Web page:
What to consider before buying an EV or Plug-in Hybrid car
Thinking of switching to a ‘Clean Car’? Here are some of the things you need to know about owning an EV or Plug-in Hybrid car.
Last updated: 03/11/21
With the New Zealand Government's new Clean Car scheme announcement, certain battery electric vehicles (BEVs) and plug-in hybrid electric vehicles (PHEVs) will become cheaper to buy.
While the move is a great step in reducing New Zealand’s total carbon emissions, of which transport emissions make up 21%1, switching to an environmentally friendly car is a big decision to make.
To make it a little easier, we’ve written this guide to give you some of the top things to consider when weighing up whether to make the switch to an electric vehicle (EV).
What is the scheme and how could it benefit me?
The Clean Car scheme gives Kiwis a helping hand in going greener by offering a rebate of up to $8,625 on new (or up to $3,450 for used) imported light BEVs, or up to $5,750 for new (or up to $2,300 for used) PHEVs if they meet the following criteria2:
- It must be a new or used imported BEV or PHEV that costs under NZ$80,000 (including GST and on-road costs). Please note, the rebate does not apply to hybrid cars that do not plug-in (HEV).
- It must have at least a 3-star safety rating according to www.rightcar.govt.nz.
- It must be registered for the first time in New Zealand between 1 July 2021 and 31 March 2022 and you must be the first registered owner.
This includes a great range of BEV or PHEVs (prices as of 26th July 2021). Some popular models we insure are:
- Nissan Leaf from $61,990 +ORC, Range +200KM3
- Volkswagen e-Golf from $69,490 +ORC, Range +200KM4
- Hyundai Kona II from $69,990 +ORC, Range +400KM5
- Kia Niro EV from $77,990 +ORC, Range +450KM6
- MG ZS EV from $48,990 +ORC, Range +250KM7
- Mini Hatch Electric from $60,400 +ORC, Range +200KM8
The prices above are for new vehicles and based on third party information. You are advised to conduct your own independent research before making any purchase decision.
To find out more about the scheme and its rebate eligibility criteria, visit the government website here.
What’s the difference between BEVs and PHEVs?
There are lots of things to weigh up when considering whether to choose a BEV or a PHEV, including costs and environmental impact.
BEVs are better for the environment9, so if you want to do your bit to help the planet and upfront costs are less of an issue, BEVs are the way to go.
BEVs and PHEVs are both great for city driving. If you regularly do long trips you need to consider which type of vehicle best suits your needs. For example, you may feel more at ease with a PHEV knowing that you can fuel up along the road.
You can take a look at our comparison guide here.
How do I charge my EV?
There are two types of charging methods, AC (alternating current) and DC (direct current).10 Most EVs will comfortably charge overnight using AC, which just means you’re using a plug socket in your home or a wall box that some manufacturers provide or sell additionally.
Wall boxes improve charging times over standard wall sockets. You can also get a qualified electrician to install a 15amp wall socket to help speed up charging over regular wall chargers.11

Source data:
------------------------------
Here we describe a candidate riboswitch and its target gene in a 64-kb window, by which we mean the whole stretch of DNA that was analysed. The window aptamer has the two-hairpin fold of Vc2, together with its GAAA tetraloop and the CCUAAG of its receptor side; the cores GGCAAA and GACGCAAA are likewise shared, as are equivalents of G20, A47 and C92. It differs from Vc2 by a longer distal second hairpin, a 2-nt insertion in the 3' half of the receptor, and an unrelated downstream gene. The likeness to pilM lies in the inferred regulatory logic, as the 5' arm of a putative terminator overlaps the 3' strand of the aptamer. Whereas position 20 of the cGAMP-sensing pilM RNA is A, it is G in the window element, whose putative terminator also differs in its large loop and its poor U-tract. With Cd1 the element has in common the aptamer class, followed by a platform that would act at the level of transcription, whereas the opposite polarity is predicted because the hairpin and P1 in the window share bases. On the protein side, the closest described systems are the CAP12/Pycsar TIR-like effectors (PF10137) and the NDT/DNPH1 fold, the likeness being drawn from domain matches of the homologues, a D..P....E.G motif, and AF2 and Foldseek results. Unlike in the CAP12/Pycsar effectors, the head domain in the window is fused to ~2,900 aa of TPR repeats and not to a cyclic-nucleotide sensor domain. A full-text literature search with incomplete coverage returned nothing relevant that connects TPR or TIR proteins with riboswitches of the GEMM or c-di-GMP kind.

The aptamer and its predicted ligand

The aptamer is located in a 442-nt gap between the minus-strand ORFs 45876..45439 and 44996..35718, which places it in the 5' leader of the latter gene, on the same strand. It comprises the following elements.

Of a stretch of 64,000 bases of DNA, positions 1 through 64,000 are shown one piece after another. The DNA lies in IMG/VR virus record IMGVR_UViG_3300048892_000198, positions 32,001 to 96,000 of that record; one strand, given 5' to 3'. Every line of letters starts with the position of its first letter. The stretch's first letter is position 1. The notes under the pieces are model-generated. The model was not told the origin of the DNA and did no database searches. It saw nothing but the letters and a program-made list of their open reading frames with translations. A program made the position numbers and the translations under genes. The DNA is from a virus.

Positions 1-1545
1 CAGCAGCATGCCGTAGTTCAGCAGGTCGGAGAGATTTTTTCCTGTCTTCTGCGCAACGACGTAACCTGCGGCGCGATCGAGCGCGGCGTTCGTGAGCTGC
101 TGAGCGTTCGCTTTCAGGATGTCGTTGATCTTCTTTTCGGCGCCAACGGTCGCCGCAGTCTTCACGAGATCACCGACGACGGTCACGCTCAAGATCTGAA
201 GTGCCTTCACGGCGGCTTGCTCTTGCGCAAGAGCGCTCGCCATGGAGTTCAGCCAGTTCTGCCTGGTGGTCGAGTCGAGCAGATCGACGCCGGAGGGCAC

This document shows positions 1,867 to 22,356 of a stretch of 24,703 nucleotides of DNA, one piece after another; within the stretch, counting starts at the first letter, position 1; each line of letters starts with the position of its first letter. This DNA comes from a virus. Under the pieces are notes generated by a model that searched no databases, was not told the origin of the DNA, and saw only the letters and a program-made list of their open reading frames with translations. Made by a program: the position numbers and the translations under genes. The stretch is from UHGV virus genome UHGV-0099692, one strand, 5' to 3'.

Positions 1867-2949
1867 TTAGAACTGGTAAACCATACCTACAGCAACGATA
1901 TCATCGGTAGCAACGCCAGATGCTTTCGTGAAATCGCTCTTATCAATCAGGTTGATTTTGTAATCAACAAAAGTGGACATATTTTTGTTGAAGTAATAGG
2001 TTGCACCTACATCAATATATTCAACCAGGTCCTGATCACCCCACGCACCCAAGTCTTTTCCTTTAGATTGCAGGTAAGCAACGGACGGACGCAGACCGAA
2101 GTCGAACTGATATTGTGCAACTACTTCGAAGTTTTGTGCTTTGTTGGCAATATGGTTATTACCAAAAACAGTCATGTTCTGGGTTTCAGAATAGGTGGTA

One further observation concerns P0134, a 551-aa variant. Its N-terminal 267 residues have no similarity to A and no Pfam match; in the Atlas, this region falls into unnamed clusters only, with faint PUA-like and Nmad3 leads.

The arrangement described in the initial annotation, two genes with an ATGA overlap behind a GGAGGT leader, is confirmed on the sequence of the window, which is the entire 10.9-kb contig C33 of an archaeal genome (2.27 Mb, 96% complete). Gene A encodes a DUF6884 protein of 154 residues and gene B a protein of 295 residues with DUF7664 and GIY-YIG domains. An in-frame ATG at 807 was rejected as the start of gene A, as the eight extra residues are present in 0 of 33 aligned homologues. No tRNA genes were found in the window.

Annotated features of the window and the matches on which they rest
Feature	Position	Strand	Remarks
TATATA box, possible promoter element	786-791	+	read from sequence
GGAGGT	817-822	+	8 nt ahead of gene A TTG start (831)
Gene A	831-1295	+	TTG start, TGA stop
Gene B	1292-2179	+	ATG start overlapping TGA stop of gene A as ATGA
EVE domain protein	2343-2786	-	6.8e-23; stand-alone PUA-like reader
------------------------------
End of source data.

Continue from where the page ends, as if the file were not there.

The fastest charging method is using DC. Most public charging stations use this, depending on the KW (kilowatt) used, charging up can give you an extra 100KM of range in around 20-30 mins.12 Please note, DC fast charging units only work for BEVs and not PHEVs.
I’m worried about running out of power, what are my options?
Newer electric vehicle models have ranges of between 150KM and over 400KM, so will likely get you from A to B comfortably and possibly back again on a full charge. There are a lot of things that affect range including the vehicle's battery capacity, road conditions, temperature and driving style, including reducing your speed and not cornering or braking aggressively. Why not download the GoCarma app to help you improve your driving and your range.
In April 2017, the government announced plans to roll out nationwide coverage of fast/rapid direct current charging stations every 75KMs across our state highways13. If you’re planning a long road trip this summer, there’s a handy tool to show you your closest charging station: https://www.journeys.nzta.govt.nz/ev-chargers.
Tower has introduced an additional feature to our RoadWise® roadside assistance optional benefit. If you run out of charge, we’ll get you to a place where you can charge, so you can enjoy peace of mind whilst on the road.
What about insuring my BEV/Hybrid?
The cost of car insurance can vary as we use a risk-based pricing model. This considers things like the type of car you drive, your car's value, the cost to replace or fix parts, and where you live. Read our brief guide to find out more about our car insurance pricing here.
Still need more information?
There's lots of easy to digest information about BEVs and PHEVs available on the Genless website.
You can also find out more about the Clean Car scheme directly from the NZTA website.
If you're a business owner wanting to compare the cost of buying an EV or PHEV vehicle, the Genless vehicle comparison tool is a helpful starting point.
The links we provide to third-party websites are for your convenience and do not constitute any endorsement or authorisation by us. The information provided on this page is general in nature and is not intended to be professional or legal advice. Tower does not accept any liability for the accuracy or content of information on this website that belongs to third parties or on any third-party website.